Noam Hassenfeld

Wait, sorry ... what exactly are these virtual particles popping in and out?

Jessica Esquivel

So, virtual particles, I ... see them as like ghosts of actual particles. We have photons that kind of pop in and out and they’re just kind of like there, but not really there. I think a really good depiction of this, the weirdness of quantum mechanics, is Ant-Man. There’s this scene where he shrinks down to the quantum realm, and he gets stuck and everything is kind of like wibbly-wobbling and something’s there, but it’s really not there.

That’s kind of like what virtual particles are. It’s just hints of particles that we’re used to seeing. But they’re not actually there. They just pop in and out and mess with things.

Noam Hassenfeld

So quantum mechanics says that there are virtual particles, sort of like ghosts of particles we already know about in our standard model, popping in and out of existence. And they’re bumping into muons and making them wobble?

Jessica Esquivel

Yes. But again, theoretical physicists know this, and they’ve come up with a really good theory of how the muon will change with regards to which particles are popping in and out. So we know specifically how every single one of these particles interacts with each other and within the magnetic field, and they build their theories based on what we already know — what is in the standard model.

Noam Hassenfeld

Got it. So even though there are these virtual ghost particles popping in and out, as long as they’re versions of particles we know, then physicists can predict exactly how the muons are going to wobble. So were the predictions off?

Jessica Esquivel

So what we just unveiled is that precise measurement doesn’t align with the theoretical predictions of how the muons are supposed to wobble in a magnetic field. It wobbled differently.

Noam Hassenfeld

And the idea is that you have no idea what’s making it do that extra wobble, so it might be something that hasn’t been discovered yet? Something outside the standard model?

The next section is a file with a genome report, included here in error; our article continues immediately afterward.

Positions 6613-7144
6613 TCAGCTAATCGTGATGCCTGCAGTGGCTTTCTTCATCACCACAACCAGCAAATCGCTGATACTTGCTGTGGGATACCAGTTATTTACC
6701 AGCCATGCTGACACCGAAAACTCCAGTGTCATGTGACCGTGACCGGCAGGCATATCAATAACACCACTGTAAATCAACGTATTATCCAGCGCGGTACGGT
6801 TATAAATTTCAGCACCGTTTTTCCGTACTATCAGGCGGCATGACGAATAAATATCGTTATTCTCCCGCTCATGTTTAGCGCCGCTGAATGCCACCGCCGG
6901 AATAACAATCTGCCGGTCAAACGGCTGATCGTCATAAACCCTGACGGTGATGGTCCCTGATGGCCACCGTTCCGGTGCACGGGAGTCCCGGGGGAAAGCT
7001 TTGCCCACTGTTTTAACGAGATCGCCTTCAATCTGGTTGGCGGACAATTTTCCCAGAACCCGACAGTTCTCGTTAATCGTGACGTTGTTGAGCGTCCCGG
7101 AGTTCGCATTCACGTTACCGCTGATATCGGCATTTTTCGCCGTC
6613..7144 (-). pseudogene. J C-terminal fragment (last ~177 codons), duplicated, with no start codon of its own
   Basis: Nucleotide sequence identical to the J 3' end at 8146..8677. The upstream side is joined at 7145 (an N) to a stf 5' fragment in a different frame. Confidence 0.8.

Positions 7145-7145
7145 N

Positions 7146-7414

Jessica Esquivel

Yeah, exactly. It’s not considered new physics yet because we as physicists give ourselves a very high bar to reach before we say something is potentially new physics. And that’s 5 sigma [a measure of the probability that this finding wasn’t a statistical error or a random accident.] And right now, we’re at 4.2 sigma. But it’s pretty exciting.

Noam Hassenfeld

So if it clears that bar, would this break the standard model? Because I’ve seen that framing in a bunch of headlines.

Jessica Esquivel

No, I don’t think I would say the standard model is broken. I mean, we’ve known for a long time that it’s missing stuff. So it’s not that what’s there doesn’t work as it’s supposed to work.

It’s just that we’re adding more stuff to the standard model, potentially. Just like back in the day when scientists were adding more elements to the periodic table ... even back then, they had spots where they knew an element should go, but they hadn’t been able to see it yet. That’s essentially where we’re at now. We know we have the standard model, but we’re missing things. So we have holes that we’re trying to fill.

Noam Hassenfeld

How exciting does all of this feel?

Jessica Esquivel

I think it’s like a career-defining moment. It’s a once-in-a-lifetime. We’re chasing new physics and we’re so close, we can taste it.

What I’m studying isn’t in any textbook that I’ve read or peeked through before, and the fact that the work that I’m doing could potentially be in textbooks in the future ... that people can be learning about the dark matter particle that g-2 had a role in finding ... it gives me chills just thinking about it!